Smithsonian Collections

A Banjo Clock

Image for A Banjo Clock
Smithsonian Museum
National Museum of American History
In 1802 Simon Willard (1753-1848) of Boston obtained a U.S. patent for a timepiece as original as it was successful. The banjo clock, nicknamed for its characteristic shape, established the independence of American clockmaking from European traditions. Its design was perfect from the beginning. Vast numbers have been manufactured without notable modification, and its production continues today.
Willard's banjo clock was a lightly built, compact wall timekeeper, about three feet tall, accurate and dependable. It was economical to produce, graceful in appearance, and usually lacked hour-striking and alarm mechanisms. Weight-driven, it contained a small brass movement similar to that of the Massachusetts shelf clock, but further reduced in size and weight. The movement had been calculated so that a small drop of the weight (only fifteen inches as compared to about six feet for a tall case clock) would keep it running for eight days. For ease of maintenance, its pendulum was hung in front of the movement, not behind, as in tall case or Massachusetts shelf clocks, an arrangement that American clockmakers soon widely adopted.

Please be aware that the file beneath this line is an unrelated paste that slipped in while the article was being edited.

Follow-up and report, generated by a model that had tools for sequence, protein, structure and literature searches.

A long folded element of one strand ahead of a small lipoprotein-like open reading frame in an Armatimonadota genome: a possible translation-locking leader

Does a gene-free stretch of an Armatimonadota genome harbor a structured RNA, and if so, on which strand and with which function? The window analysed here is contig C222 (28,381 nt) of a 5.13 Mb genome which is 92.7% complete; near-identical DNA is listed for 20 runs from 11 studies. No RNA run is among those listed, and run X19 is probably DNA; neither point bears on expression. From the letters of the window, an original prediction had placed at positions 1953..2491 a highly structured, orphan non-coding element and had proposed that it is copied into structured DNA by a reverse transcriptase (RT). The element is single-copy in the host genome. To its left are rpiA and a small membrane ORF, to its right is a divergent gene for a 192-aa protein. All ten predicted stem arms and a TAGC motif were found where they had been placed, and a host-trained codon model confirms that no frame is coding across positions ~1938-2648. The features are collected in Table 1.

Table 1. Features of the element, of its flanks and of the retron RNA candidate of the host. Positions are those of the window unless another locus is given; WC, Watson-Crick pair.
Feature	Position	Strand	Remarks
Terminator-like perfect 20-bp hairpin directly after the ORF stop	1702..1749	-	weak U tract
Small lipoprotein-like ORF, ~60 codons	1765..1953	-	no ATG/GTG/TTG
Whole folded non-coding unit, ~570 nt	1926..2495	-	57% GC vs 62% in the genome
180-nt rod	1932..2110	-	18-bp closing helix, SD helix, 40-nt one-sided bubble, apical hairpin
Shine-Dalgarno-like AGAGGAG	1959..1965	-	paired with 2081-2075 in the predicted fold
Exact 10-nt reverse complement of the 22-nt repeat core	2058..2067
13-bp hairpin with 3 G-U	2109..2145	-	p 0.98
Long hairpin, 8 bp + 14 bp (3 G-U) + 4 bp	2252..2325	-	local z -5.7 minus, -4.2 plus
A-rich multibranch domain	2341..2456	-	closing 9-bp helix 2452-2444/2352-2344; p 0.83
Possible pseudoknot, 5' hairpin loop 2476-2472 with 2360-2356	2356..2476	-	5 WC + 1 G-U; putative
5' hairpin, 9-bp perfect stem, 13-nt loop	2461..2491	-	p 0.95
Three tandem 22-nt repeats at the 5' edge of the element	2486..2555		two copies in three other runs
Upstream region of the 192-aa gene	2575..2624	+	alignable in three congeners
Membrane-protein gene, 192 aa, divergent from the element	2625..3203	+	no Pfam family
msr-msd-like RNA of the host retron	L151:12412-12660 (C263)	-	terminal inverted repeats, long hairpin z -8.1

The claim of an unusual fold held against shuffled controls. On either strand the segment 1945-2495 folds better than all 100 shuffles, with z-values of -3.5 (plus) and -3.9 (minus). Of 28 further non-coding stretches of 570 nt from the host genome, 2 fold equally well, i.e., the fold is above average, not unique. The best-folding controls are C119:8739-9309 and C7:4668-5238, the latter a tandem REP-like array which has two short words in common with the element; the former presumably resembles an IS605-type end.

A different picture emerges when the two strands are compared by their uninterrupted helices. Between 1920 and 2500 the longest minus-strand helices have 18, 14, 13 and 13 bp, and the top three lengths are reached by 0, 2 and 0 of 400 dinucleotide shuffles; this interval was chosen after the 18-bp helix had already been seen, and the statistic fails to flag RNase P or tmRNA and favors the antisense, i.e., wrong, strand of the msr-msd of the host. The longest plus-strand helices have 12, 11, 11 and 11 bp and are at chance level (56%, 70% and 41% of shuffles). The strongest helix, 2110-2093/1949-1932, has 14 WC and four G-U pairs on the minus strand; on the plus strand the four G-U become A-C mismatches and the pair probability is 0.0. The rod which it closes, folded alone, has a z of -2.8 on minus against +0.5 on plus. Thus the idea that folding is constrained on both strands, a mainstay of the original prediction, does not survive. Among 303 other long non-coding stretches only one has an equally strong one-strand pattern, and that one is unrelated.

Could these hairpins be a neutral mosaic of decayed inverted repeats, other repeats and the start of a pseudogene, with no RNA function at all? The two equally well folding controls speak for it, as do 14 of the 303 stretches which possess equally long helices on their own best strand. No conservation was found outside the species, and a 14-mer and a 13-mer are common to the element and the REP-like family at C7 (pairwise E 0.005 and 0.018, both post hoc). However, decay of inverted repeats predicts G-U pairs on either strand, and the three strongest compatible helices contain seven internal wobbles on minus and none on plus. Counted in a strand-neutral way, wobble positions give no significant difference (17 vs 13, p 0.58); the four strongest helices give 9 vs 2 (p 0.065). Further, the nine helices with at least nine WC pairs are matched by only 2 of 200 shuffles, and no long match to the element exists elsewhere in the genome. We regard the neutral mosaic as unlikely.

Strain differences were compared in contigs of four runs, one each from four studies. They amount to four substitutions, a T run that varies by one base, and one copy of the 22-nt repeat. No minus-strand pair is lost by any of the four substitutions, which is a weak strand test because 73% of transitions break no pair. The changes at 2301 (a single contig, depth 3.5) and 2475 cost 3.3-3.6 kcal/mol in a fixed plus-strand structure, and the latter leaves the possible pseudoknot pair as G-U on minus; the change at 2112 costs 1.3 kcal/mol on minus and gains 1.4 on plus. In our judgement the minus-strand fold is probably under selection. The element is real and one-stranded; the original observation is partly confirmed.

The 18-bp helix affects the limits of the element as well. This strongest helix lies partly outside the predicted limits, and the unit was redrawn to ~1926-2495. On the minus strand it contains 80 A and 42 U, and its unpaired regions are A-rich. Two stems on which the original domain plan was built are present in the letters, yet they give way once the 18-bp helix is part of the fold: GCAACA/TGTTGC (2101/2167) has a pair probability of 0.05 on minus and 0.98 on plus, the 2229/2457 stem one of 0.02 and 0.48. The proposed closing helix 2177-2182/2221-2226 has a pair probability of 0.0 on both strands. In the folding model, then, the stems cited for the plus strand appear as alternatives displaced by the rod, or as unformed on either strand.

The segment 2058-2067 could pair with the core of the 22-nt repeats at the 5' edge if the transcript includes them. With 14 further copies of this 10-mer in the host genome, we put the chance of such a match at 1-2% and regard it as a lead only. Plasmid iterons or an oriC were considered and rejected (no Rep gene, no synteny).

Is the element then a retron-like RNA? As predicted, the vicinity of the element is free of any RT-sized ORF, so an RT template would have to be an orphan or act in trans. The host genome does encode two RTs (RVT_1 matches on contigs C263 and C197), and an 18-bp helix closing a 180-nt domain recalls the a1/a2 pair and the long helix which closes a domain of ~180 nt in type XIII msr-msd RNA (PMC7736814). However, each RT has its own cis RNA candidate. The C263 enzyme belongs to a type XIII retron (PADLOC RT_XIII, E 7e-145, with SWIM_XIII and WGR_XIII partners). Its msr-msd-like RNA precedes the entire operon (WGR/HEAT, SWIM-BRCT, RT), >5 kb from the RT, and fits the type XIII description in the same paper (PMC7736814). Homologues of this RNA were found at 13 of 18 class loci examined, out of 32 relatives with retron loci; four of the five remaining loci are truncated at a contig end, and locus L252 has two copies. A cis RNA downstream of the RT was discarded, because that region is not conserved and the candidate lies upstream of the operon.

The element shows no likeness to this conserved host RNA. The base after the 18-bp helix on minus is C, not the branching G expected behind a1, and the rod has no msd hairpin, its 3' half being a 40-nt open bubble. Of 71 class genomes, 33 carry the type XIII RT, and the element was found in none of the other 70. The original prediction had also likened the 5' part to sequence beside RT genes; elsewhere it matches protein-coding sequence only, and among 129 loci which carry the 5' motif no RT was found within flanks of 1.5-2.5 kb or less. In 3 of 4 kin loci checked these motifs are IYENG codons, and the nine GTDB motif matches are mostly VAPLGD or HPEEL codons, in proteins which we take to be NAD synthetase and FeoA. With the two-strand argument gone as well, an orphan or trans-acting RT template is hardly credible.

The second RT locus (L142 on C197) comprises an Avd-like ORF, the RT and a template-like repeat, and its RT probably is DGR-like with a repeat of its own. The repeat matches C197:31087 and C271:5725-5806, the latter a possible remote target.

Several thousand banjo clocks were probably built in Simon Willard's own shop. But he also freely permitted his numerous clockmaking relatives, former apprentices, and other clockmakers to produce according to his design. The signature on the banjo clock pictured here is that of Willard's brother Aaron (1757-1844). The timepiece features an unusual alarm arrangement on top of the case. The mahogany case itself is singularly plain compared to Aaron Willard's brightly painted and gilded pieces.
Currently not on view
Willard, Aaron
Date Made
ca 1830
before 1822
Credit Line
Gift of James Arthur Collection, New York University
Physical Description
wood (overall material)
overall: 40 1/2 in x 10 1/2 in x 4 in; 102.87 cm x 26.67 cm x 10.16 cm
Object Type
clock, banjo, A. Willard